— The Book of American Negro Poetry • Edited by James Weldon Johnson

... difficulty. We had fine weather all the way down the Baltic, and came off a neat little village five miles from Copenhagen, on the afternoon of Sunday. Here we landed in a pilot-boat, with some Danish gentlemen, who were very civil to us, and by their aid we engaged a char-a-banc, and drove to Copenhagen the same evening. We spent five very pleasant days there, seeing numerous objects of interest. I will not attempt to describe them now. Cousin Giles says I must write a book about Denmark another year. It is a ...
— Fred Markham in Russia - The Boy Travellers in the Land of the Czar • W. H. G. Kingston

... seemed enough. At the very least—if my publisher were energetic—it ensured a brisk sale of the printed play among the American tourists on the Devon coast, who travel by boat or char-a-banc to this ancient fishing village where we set our plot. For even a trivial book sells to trippers if its story is laid around the corner. Would it not be pleasant, I thought, when I visit the place again, to see them ...
— Wappin' Wharf - A Frightful Comedy of Pirates • Charles S. Brooks

... pike. 'Pon my word I'm about ashamed of myself. What a beautiful magpie, though!" he continued, staring out of the window; "I never saw one with so large a tail. Why, there are jays, too calling in the wood. Yes, there they go—char, char, char! One might keep 'em aboard ship to make fog-signals in thick weather. My word, how this does bring back all the old times! I feel as boyish and as bright and— Oh! I say, are you going to starve a fellow to death? I can't stand this. Ahoy! Is there any one here? Ahoy! Pipe all hands ...
— In the King's Name - The Cruise of the "Kestrel" • George Manville Fenn

... for study and entertaining. "Scouts" are a kind of servant attached to one student or a small number of students. They run errands, bring meals from the kitchen, and take care of clothing. A bootblack called the "boots" takes care of footwear. A charwoman called the "char" ...
— Tom Brown at Oxford • Thomas Hughes

... deep ponds with a good stream, or in lakes, char may be tried with a prospect of success. They require cold waters, and I have never heard of their being successfully introduced in the South of England. They are a more difficult ...
— Amateur Fish Culture • Charles Edward Walker

... comfort of the summer visitors, and also incidentally for the personal profit of the members of the aforesaid Council: a state of things much regretted by the residents in the neighbourhood, whose peace was disturbed during the holiday season by char-a-bancs and picnic parties. So much Marion Heathcote had ...
— East of the Shadows • Mrs. Hubert Barclay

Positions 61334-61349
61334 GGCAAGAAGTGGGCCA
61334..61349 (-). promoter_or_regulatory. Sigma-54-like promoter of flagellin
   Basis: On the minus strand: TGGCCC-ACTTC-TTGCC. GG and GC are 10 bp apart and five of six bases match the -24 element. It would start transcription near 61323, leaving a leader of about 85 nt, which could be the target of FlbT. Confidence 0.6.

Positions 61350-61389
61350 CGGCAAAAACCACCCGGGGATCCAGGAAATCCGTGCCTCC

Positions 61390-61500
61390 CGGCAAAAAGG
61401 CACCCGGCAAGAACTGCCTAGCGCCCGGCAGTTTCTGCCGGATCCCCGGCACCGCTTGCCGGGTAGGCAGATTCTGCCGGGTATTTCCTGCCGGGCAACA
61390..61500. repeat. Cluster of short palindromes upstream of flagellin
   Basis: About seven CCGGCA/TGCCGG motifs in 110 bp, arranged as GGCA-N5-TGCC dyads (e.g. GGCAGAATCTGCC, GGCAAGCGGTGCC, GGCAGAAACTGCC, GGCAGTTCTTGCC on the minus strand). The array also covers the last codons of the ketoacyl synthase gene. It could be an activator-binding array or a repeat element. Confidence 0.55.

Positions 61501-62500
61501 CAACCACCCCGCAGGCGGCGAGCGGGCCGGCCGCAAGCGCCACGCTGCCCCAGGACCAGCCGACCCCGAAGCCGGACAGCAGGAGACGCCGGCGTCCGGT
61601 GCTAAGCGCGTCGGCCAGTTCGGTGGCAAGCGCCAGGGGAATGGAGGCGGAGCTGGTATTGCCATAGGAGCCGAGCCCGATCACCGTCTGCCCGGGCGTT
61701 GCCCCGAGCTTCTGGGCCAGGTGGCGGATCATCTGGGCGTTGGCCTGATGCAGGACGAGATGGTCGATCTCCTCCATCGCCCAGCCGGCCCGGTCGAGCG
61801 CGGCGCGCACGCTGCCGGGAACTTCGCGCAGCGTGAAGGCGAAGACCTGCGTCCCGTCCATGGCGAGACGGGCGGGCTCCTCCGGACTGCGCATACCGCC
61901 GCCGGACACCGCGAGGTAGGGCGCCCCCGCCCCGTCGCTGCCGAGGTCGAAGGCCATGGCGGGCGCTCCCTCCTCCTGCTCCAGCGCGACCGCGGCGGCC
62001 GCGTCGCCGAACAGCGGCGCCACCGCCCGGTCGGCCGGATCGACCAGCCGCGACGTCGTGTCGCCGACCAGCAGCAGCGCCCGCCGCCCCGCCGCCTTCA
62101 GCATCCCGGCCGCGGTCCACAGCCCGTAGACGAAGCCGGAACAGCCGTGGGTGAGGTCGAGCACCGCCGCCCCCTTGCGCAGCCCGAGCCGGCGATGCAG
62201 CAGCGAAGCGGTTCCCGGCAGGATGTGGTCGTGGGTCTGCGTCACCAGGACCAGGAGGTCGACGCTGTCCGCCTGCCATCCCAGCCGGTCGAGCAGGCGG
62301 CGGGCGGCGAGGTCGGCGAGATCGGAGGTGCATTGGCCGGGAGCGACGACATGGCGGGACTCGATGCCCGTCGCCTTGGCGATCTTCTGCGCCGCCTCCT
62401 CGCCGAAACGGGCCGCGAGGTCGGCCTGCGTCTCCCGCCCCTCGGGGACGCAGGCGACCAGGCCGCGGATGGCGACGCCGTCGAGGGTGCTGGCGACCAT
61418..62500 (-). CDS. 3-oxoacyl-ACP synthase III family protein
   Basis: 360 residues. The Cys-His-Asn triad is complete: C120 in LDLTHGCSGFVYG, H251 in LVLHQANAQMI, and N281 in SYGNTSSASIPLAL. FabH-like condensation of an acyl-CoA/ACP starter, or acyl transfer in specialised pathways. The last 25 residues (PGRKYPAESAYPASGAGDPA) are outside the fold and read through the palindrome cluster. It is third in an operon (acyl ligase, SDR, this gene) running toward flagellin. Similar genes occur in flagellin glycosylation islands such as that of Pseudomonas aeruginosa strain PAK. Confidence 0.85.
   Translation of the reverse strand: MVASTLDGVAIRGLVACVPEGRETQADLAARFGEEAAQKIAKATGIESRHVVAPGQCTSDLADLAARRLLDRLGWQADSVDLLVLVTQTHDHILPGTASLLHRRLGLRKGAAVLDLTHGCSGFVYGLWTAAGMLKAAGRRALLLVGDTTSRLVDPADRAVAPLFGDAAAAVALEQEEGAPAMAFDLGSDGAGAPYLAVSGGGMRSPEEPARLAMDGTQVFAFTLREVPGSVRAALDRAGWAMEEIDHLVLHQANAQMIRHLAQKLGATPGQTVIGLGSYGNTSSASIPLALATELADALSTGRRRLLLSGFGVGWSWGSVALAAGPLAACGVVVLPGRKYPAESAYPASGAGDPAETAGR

... Tressilvains, thickly shod and water-proofed, tramped about with rod and creel and returned for luncheon where their blunt criticisms on the fishing aroused Portlaw's implacable resentment. For they sneered at the trout, calling them "char," patronised the rather scanty pheasantry, commented on the kennels, stables, and gardens in a manner that brought the red into Portlaw's face and left him silent ...
— The Firing Line • Robert W. Chambers

... he gave upon the first use of a dish which had been made for him, and which, for its extraordinary size, he called "The Shield of Minerva." In this dish there were tossed up together the livers of char-fish, the brains of pheasants and peacocks, with the tongues of flamingos, and the entrails of lampreys, which had been brought in ships of war as far as (436) from the Carpathian Sea, and the Spanish Straits. He was not only a man of an insatiable appetite, but would gratify it likewise at unseasonable ...
— The Lives Of The Twelve Caesars, Complete - To Which Are Added, His Lives Of The Grammarians, Rhetoricians, And Poets • C. Suetonius Tranquillus

... "Gurd's got a char-a-bank and a party on the way from Lyme, and he's full up and wants the four-horse stable," she told him. It was part of Job's genius never to be put about, or ...
— The Spinners • Eden Phillpotts

... Duroy exclaimed: "Charming, charming, char—" but stopped short on hearing behind him the voice of Mme. de Marelle who had just entered. M. Walter continued to exhibit and explain his pictures; but Duroy saw nothing—heard without comprehending. Mme. de Marelle was there, behind ...
— Bel Ami • Henri Rene Guy de Maupassant



Words linked to "Char" :   Salvelinus alpinus, salmonid, combust, atomic number 6, carbon, singe, Salvelinus, snuff, animal black, burn, preparation, bone black, cleaner, c, genus Salvelinus, cooking, swinge, cookery